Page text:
Fashion designer

Arthur “Boy” Capel, an Englishman, attracted Coco Chanel to Deauville. He was a rich businessman who made a fortune in the field of coal frets. He also owned polo stables in Deauville. Since she became Boy Capel’s companion, Coco Chanel developed her activities with his help. In 1910 he lent her the necessary funds to open a hat salon in Rue Cambon in Paris, under the name “CHANEL MODES”. During the summer 1913 the couple spent in Deauville, Boy Capel rented a shop located between the casino and the Hotel Normandy. The sign displayed her full name: “GABRIELLE CHANEL”. In 1916, she used beautiful and elegant Adrienne to model in Deauville. She also walked her own androgynous silhouette across town, testing her new pieces, contrasting by their sheer simplicity and comfort with the European aristocrats, heavily dressed and harnessed in tight corsets. The lack of fabric throughout WWI, as well as the lack of general domestic help created new needs for women. Chanel, a free and active woman identified those needs. She bought from Rodier entire pieces of jersey which used to only be used for male underwear. She imposed new clothes lines that were casual, practical, and aesthetical: short pleated skirts, trousers and pyjamas to wear on the beach, polo shirts, jodhpurs, sailor shirts; an androgynous style inspired by racecourses, golf courts, tennis courts, and yacht clubs.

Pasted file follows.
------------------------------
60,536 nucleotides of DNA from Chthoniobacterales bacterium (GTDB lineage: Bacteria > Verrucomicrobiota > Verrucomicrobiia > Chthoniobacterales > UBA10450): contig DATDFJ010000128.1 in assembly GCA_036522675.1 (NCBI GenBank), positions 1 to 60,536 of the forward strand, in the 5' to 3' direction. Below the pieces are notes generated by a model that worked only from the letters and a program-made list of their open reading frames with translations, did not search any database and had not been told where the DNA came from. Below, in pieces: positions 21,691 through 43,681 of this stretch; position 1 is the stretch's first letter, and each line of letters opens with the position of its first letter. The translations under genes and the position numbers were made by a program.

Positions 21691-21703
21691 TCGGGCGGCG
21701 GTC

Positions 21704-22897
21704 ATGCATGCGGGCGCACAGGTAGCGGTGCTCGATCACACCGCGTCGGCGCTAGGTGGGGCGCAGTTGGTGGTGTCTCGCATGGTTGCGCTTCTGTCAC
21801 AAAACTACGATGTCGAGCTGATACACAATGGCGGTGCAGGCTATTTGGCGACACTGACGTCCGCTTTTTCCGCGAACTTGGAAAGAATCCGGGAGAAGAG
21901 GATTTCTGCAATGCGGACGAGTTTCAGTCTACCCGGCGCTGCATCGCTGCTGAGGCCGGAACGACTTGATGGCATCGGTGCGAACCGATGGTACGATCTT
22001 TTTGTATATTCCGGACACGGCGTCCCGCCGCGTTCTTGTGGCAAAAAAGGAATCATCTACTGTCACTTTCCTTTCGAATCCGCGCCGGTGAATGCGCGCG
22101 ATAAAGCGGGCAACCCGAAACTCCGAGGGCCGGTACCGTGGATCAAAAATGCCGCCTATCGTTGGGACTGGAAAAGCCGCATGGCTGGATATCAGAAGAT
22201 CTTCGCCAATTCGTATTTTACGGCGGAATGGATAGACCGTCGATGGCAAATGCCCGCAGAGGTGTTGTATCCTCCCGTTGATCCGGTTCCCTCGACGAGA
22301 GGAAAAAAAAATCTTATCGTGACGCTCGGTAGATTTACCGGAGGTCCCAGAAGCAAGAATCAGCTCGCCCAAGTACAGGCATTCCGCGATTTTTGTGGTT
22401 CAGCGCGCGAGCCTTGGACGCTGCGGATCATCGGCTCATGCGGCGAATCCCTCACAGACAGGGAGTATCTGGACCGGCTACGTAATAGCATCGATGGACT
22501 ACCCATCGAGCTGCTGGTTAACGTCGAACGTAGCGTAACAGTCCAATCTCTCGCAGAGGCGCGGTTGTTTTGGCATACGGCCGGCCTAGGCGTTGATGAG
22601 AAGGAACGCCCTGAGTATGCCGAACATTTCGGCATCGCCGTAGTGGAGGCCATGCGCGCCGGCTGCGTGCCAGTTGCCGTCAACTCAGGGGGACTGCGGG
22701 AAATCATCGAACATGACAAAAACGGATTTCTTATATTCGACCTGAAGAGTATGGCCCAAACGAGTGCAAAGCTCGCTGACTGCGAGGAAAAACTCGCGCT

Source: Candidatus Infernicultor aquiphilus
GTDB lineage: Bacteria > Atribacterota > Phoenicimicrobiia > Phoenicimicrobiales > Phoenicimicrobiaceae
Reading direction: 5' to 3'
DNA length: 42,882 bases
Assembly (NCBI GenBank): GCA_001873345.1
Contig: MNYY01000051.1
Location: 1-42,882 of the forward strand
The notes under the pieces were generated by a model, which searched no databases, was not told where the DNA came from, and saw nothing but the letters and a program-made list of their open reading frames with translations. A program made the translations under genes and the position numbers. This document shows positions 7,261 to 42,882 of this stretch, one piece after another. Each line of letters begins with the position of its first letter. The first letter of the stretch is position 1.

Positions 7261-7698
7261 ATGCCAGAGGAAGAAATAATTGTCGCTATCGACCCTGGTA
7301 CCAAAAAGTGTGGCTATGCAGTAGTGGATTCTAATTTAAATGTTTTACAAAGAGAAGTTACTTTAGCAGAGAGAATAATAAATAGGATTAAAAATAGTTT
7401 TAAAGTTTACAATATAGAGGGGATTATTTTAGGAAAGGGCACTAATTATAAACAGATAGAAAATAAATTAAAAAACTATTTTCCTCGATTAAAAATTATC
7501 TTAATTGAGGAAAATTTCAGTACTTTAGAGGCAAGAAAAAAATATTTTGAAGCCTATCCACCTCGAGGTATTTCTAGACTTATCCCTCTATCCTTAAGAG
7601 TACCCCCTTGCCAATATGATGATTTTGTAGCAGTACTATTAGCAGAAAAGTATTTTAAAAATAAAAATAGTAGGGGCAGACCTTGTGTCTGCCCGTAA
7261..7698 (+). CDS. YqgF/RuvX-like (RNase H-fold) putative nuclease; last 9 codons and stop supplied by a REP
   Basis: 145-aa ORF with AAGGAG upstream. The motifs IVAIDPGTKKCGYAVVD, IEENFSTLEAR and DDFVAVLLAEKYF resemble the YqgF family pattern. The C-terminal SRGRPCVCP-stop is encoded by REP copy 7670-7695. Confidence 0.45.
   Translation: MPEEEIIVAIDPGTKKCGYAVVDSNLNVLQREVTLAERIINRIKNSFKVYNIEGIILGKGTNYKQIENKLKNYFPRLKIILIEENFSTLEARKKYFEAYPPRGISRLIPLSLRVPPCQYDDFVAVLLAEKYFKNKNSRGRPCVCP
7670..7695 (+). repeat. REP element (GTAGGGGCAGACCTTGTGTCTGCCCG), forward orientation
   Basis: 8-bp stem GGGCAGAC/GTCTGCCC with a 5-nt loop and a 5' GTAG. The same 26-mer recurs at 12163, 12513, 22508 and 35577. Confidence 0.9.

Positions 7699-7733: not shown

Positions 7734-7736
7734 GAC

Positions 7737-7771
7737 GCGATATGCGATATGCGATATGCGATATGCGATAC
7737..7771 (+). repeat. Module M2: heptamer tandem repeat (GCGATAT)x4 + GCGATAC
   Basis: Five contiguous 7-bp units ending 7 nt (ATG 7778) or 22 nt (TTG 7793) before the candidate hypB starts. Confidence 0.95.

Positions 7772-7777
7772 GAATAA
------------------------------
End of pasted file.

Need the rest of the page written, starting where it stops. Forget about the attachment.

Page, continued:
"I returned to the female body its freedom", declared Coco Chanel. The woman who destroyed the trend of corsets, parade clothes, undergarments, and padding, created a new whole silhouette: the 20th century woman.